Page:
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MIT Better World

By Carla Lane

Their survival, she explains, depends on it. “If cities are designed in concert with natural processes,” says Spirn, “they will be less vulnerable to air and water pollution, flooding, droughts, fires, and earthquakes.”

Spirn has dedicated her career to studying how best to adapt cities to their natural environment and finding ecologically sound ways to build—and rebuild—them, developing better strategies for stormwater management, improving the design and maintenance of public open spaces, studying the potential of abandoned urban land for reshaping urban neighborhoods, and promoting inner city gardening. She has helped not only planners, architects, and officials in housing and later departments, but, most importantly, the people who live in the communities to understand how best to use the natural processes affecting their cities.

The results of not paying attention to natural processes when designing cities can be disastrous, Spirn explains. Many American cities, for example, buried their streams and built on their natural flood plains as they expanded. The results are crumbling foundations, deteriorating public infrastructure, overflowing sewers, and devastating floods. In poorer urban areas, where property owners often don’t have the resources to make repairs, buildings on buried floodplains are often abandoned, which further depresses the communities’ social, economic and aesthetic assets.

For her work promoting the “harmonious co-existence of nature and mankind,” last year Spirn was awarded the International Cosmos Prize, which is sponsored by the Japanese Expo ’90 Foundation. She is the youngest person, the first woman and the first designer/planner to win the award. The prize honors all of her work—including her books, her teaching, research and photography, and her 18 years helping inner-city residents make their cities more livable. This past summer, she also was named one of three finalists for the Smithsonian Institution’s Cooper-Hewitt National Design Award in Environmental Design.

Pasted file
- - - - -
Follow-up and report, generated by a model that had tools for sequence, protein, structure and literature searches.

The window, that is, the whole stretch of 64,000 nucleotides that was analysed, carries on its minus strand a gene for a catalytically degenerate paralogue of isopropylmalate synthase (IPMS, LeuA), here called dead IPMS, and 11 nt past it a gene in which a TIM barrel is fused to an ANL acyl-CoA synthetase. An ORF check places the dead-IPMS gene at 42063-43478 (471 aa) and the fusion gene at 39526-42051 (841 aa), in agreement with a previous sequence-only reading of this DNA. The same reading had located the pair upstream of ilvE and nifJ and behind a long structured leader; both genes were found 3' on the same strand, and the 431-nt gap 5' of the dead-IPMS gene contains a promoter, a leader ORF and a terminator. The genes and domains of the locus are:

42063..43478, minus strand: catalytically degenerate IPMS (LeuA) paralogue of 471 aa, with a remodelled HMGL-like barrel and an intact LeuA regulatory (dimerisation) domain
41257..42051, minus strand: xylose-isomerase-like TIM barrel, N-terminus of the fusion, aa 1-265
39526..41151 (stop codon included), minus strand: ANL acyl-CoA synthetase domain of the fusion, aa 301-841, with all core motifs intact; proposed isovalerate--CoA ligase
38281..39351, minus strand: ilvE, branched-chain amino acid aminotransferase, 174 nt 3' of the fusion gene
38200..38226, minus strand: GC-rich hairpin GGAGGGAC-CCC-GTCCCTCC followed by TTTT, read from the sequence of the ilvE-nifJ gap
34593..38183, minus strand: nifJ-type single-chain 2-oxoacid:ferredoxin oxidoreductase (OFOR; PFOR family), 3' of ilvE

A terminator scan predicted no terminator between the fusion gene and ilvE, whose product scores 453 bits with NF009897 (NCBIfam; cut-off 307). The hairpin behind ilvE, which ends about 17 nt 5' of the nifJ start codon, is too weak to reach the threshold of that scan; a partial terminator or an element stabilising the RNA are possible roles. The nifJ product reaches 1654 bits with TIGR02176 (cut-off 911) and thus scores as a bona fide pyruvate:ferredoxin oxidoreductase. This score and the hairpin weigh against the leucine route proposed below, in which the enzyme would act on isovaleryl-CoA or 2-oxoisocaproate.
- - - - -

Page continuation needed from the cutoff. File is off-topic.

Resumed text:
Using Natural Resources

Spirn believes it is critical that community members understand their city’s natural setting and take an active role in designing and implementing improvements. She has worked extensively with community gardeners, public school teachers and students, and other groups to help them explore how best to manage and use their city’s natural resources. She describes these projects in her book, The Language of Landscape.

She became committed to the integration of cities and nature when, after earning her master’s in landscape architecture from the University of Pennsylvania, she worked for a private landscape architecture firm. “Here we were designing resorts or second home developments while Philadelphia was crumbling around us,” she says. “Why weren’t we applying the principles of sound ecological design to the inner city?” she asked.

She decided to look for ways to incorporate ecological planning into urban design. “I wanted to demonstrate what should be done differently if we saw cities as a part of the natural world,” says Spirn. The result was her first book, The Granite Garden: Urban Nature and Human Design, in which she set forth principles for urban design that are in concert with natural processes.

Throughout her academic career—Spirn taught first at Harvard, then at the University of Pennsylvania, and joined the MIT faculty in 2000—she has organized her teaching and research around experimental, demonstration projects in inner-city neighborhoods. When she first joined the Penn faculty in 1986, she and her students went to the Mill Creek neighborhood of West Philadelphia, a community beset with crumbling housing and abandoned property, to educate its members about their natural environment and to help them design and implement improvements. Unknown to the inhabitants and to city officials, much of the neighborhood had been built on the buried floodplain of a river—Mill Creek—that was buried in a sewer in the 1880s.

“Learning this enabled them to make sense of what hadn’t made sense before—why there were cave-ins in their neighborhood and why houses were subsiding and their foundations cracking,” says Spirn.

From their collaborations evolved the West Philadelphia Landscape Project, a community-university partnership that has spearheaded the development of dozens of community gardens, a curriculum for middle school students, and collaborations among Penn faculty, students, and the community to explore designs that are both aesthetically pleasing and effective in managing environmental forces. In 2001, following her leadership the city won a $35 million federal grant to work with the community and set up a water management demonstration project that provides open community park and garden space, while dealing with sewer overflows and alleviating the subsidence of homes.

“The poetic and the pragmatic are connected,” says Spirn. “It is not only a matter of preserving our cities and making them more livable, but also of helping us feel and understand our connection to the natural world.”